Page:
May 28, 2015

Investors Beware – UNESCO Decision Means Reef Still at Threat, Galilee Coal as Risky as Ever

BRISBANE, 29th MAY: Despite heavy lobbying from the coal industry and Australian Government — UNESCO, the body charged with protecting World Heritage sites, has today indicated that Australia’s management of the Heritage-Listed Great Barrier Reef will continue to be under the global spotlight, noting with concern that climate change is a major threat.

The Reef remains at risk from plans to unlock massive coal mines in the Galilee Basin to export through major new coal ports on the reef, such as the controversial Abbot Point expansion.

“The coal lobby and the Federal Government have run a concerted campaign to get UNESCO to ignore the Reef’s ill health so that they can continue with their disastrous coal expansion plans. Despite this, UNESCO will still keep a close watch on the Reef, said Moira Williams, from Australia.

“As the ocean warms and acidifies, the Great Barrier Reef is in enough trouble already–all it needs is a huge port expansion and an endless parade of coal ships. (Which happen to be carrying more coal to make the water hotter and more acid. Lather, rinse, repeat), commented Bill McKibben, Co-Founder.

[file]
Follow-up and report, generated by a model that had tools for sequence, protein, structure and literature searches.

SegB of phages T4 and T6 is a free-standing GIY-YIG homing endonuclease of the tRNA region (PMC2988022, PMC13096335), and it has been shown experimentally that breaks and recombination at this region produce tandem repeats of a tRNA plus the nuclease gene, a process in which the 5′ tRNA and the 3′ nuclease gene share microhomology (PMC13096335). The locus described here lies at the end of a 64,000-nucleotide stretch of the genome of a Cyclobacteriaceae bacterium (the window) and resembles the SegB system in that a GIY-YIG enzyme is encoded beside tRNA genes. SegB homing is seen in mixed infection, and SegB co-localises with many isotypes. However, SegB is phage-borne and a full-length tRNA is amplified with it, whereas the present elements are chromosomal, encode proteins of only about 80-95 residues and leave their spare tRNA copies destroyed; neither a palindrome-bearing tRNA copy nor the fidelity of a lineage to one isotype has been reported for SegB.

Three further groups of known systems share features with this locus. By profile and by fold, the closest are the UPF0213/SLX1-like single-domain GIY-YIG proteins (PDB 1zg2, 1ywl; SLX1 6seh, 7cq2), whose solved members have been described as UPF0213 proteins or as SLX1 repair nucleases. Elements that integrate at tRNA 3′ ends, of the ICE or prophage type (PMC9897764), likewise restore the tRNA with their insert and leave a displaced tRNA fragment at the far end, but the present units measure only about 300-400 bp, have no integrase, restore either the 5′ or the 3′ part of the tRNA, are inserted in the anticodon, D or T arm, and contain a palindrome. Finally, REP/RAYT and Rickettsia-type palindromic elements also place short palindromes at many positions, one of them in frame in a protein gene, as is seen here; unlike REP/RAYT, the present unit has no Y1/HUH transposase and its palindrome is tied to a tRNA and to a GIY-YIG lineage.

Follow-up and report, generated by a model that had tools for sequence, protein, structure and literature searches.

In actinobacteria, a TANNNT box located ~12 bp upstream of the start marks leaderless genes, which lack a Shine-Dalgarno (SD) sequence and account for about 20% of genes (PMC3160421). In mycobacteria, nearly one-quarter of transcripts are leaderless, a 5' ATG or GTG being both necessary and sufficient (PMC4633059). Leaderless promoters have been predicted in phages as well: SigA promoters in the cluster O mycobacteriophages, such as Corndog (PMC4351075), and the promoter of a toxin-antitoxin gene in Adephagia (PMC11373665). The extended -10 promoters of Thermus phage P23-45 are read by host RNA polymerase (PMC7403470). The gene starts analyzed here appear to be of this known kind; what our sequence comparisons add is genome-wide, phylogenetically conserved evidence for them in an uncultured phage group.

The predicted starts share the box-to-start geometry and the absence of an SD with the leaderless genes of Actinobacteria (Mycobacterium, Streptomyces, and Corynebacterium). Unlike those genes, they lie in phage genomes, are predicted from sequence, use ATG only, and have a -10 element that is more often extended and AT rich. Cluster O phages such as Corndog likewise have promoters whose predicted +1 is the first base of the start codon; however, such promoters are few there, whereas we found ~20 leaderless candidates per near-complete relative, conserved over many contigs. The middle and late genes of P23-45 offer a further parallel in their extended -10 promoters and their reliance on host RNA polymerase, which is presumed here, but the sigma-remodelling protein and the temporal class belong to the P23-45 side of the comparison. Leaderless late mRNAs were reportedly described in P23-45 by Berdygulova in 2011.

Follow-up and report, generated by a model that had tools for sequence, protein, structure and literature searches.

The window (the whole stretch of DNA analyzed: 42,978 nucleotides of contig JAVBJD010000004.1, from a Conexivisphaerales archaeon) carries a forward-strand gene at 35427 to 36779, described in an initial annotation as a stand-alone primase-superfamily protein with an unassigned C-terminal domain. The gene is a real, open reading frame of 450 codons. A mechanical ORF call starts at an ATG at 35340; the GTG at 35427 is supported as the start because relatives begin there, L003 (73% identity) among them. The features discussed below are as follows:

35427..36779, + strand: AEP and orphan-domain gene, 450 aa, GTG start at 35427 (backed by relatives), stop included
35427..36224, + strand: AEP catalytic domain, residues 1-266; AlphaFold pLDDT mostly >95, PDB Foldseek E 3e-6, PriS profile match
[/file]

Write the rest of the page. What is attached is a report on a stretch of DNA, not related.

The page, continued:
Australia’s leading coral reef experts recently called for the scrapping of Adani’s mining and port expansion projects because they will be a death knell for the Reef.

“UNESCO’s continued concern for the reef is yet another sign that Australian banks must rule out funding this project” Kirsty Albion National Director of the Australian Youth Climate Coalition said.

“Investors looking to finance these massive coal expansions should beware. UNESCO and the world is watching you. 11 global banks have already said no to these projects as they don’t want their brand tied up with a project that will cook the climate and wreck the reef” Ms Albion said.

“Thousands of Australians have already moved millions of their dollars out of the Banks in protest over this project. We urge all banks to rule out funding coal ports on our Great Barrier Reef. You can have coal or the Reef – you can’t have both, concluded Williams.

The Great Barrier Reef has lost 50% of its coral cover over the last 30 years, in large part due to climate change. Its rapid deterioration is one of the most visual demonstrations of the growing severity of the problem, and a warning sign that carbon-intensive fossil fuels must remain in the ground. UNESCO’s final decision on the state of the Reef will be handed down at the end of next month.

Media Enquiries:

Charlie Wood | Australia | 0427 485 233

Daniel Spencer | Australian Youth Climate Coalition | 0423 865 632